Utilities, Cities, and States with Clean Energy Targets
In order for the United States to meet its climate goals and reach net-zero emissions by 2050, it must shift to carbon-free power as fast as possible. Federal efforts to clean up the grid are essential, which is why President Joe Biden’s American Jobs Plan includes a clean energy standard.
Already, states, major cities, and utilities have been doubling down on their commitments to clean energy. We’ve created an interactive dashboard to track these commitments and help identify important trends that could be expanded across the country. Three essential themes stand out to us:
- Clean energy commitments are rapidly gaining popularity. Our research identified a total of 182 portfolio standards and other commitments to clean energy since 1983. But a whopping 70% of these targets were adopted just since 2016.
- Climate leaders want more technology options to choose from. Prior to 2016, 87% of commitments were exclusive to renewable energy. That trend has since almost completely reversed, with 77% of states, utilities, and major cities now embracing “technology-inclusive” commitments like clean energy standards that take advantage of carbon-free options like nuclear power and carbon capture.
- Utilities, cities, and states have more climate ambition than ever. Before 2018, only about 16% of targets aimed for 100% clean or renewable energy. But beginning in 2018, 65% of commitments have targeted 100% clean or renewable power. Today, 19 states, plus the District of Columbia, and Puerto Rico, are targeting full decarbonization of their power sector.
Climate ambition has spread across the country. Thirty-two states, as well as Washington, DC, and Puerto Rico, have set clean or renewable energy targets, as have 29 of the 50 most populated cities, and at least 65 electric utilities.
Communities across America are increasingly feeling the impacts of climate change and demanding rapid action. At the same time, governments and utilities are finally recognizing the challenge of reaching net-zero emissions in just a few decades using only renewable power. Incorporating all clean energy tools brings us closer to full decarbonization and significantly reduces the cost of getting there.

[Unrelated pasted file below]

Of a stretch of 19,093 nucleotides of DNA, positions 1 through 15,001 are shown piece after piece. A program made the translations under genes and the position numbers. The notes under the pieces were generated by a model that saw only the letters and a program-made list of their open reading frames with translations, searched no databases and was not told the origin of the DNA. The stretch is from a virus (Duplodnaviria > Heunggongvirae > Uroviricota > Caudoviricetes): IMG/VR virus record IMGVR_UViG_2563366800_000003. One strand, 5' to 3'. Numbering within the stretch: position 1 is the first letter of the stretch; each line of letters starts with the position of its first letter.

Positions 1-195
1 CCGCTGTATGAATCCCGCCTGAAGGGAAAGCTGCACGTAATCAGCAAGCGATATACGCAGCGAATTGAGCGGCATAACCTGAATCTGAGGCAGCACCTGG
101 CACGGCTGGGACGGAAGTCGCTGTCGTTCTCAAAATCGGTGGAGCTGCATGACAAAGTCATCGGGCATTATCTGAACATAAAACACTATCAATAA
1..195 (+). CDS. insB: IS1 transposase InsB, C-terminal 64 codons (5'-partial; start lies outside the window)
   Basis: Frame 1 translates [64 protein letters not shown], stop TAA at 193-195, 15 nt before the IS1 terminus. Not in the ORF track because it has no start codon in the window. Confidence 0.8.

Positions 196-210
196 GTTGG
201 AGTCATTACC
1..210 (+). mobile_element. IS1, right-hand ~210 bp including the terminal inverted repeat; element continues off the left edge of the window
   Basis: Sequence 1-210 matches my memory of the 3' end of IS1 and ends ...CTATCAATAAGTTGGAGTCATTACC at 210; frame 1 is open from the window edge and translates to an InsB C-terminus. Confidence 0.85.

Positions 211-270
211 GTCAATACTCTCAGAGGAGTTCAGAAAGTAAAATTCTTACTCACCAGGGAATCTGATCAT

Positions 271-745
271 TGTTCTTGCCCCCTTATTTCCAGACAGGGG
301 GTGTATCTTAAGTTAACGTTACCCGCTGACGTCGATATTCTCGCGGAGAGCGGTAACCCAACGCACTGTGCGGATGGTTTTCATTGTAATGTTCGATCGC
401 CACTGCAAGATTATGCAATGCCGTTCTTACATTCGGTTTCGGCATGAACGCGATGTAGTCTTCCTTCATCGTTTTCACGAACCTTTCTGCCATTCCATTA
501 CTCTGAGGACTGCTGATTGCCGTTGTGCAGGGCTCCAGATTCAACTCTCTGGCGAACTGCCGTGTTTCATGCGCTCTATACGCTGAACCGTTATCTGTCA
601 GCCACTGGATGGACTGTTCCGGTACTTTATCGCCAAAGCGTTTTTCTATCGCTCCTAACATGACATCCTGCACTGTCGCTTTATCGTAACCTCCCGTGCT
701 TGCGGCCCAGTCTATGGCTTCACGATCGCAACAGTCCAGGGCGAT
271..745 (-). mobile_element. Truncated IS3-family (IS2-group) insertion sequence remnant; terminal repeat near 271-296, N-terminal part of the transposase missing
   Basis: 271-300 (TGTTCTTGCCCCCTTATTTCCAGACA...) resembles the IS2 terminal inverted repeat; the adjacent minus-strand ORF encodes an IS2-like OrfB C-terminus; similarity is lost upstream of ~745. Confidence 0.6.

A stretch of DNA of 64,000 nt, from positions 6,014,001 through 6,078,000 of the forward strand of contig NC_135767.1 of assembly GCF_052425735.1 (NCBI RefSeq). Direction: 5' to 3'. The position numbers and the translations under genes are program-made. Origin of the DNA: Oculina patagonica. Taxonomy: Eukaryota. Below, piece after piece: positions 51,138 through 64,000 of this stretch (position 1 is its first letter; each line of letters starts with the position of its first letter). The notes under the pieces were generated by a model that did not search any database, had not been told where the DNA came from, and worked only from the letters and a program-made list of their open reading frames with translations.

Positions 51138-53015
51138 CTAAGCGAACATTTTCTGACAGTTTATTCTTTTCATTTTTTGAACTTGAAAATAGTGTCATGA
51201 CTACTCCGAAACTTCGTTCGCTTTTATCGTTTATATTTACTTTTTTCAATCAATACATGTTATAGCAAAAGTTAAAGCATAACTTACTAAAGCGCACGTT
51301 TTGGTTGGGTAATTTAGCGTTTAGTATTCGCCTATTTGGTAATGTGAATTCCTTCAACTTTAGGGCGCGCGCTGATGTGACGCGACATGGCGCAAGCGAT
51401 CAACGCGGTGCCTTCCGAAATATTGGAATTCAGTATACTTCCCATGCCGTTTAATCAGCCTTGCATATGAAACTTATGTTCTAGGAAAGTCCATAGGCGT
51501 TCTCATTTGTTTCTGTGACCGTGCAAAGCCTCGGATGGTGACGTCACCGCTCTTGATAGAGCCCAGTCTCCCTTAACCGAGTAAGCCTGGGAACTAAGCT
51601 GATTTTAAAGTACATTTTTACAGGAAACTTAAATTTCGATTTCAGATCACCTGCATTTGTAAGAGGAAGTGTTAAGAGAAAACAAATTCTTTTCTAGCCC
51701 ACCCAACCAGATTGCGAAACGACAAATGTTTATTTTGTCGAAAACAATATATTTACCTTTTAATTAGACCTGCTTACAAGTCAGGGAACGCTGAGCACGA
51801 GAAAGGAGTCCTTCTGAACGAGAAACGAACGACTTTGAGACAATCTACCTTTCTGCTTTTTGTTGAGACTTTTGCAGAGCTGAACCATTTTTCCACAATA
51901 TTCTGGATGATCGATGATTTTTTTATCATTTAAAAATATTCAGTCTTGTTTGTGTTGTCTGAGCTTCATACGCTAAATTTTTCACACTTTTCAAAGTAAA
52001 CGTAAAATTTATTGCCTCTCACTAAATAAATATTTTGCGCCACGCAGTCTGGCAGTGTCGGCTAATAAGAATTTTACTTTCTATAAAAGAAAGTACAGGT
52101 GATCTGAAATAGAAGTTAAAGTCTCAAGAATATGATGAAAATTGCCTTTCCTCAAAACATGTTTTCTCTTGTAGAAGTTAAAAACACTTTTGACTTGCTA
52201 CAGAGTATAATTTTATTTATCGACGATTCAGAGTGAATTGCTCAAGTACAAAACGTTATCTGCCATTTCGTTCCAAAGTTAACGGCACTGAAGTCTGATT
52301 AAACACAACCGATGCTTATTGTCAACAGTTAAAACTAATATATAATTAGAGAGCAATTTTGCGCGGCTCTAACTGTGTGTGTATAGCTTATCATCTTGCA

Play around with the dashboard below and see what patterns you can identify. If you have a hot take, we have also included shareable versions of each graphic below the dashboard that you can share on social media.
This interactive dashboard displays decarbonization and clean or renewable energy targets, announcements, and policies enacted by states, cities, and utilities.
- States: We included all state renewable portfolio standards and clean energy standards and renewable and clean energy targets. We only included updates to existing policies if they increased the overall stringency of the policy. We did not include zero emission credit policies for existing nuclear, credits or subsidies for other clean energy technologies, or carbon pricing policies.
- Cities: We included all cities that are among the 50 most populous and that have city-wide decarbonization or clean or renewable energy goals. We excluded cities that only had goals to decarbonize city-owned buildings.
- Utilities: We included all utilities that have official statements or commitments to decarbonize or increase their share of clean or renewable energy. We only included updates to existing policies if they increased the overall stringency of the policy.
The types of commitments have been divided into technology-inclusive or renewables-only categories. Technology-inclusive means that the commitment is open to all clean energy or zero carbon technologies. Renewables-only means that the commitment is only open to the select renewable resources defined by each state, city, or utility.
The types of commitments have also been divided into non-binding targets or binding commitments. Non-binding targets are aspirational goals, targets, pledges, or executive orders. Binding commitments are policies signed into law.
When unable to find the exact day that a commitment was made, we entered the first of that month.
For both maps, the color of a state is determined by its most ambitious and recent state level commitment — yellow for renewable-only and teal for technology-inclusive. To create the second map, we used the utility shapefiles from the Homeland Infrastructure Foundation-Level Data: Electric Retail Service Territories. The color of the utilities does not specify whether a utility is technology-inclusive or not.
Our research drew from Clean Air Task Force’s state and utility targets fact sheet, National Resources Defense Council’s blog on utilities, Sierra Club’s Ready for 100 Commitments, Center For Climate and Energy Solutions’ U.S. State Electricity Portfolio Standards Map, National Conference of State Legislatures’ State Renewable Portfolio Standards and Goals, North Carolina State University’s Database of State Incentives for Renewables & Efficiency, and Smart Electric Power Alliance’s Carbon Reduction Tracker.
The sources for each commitment can be found in the appendix.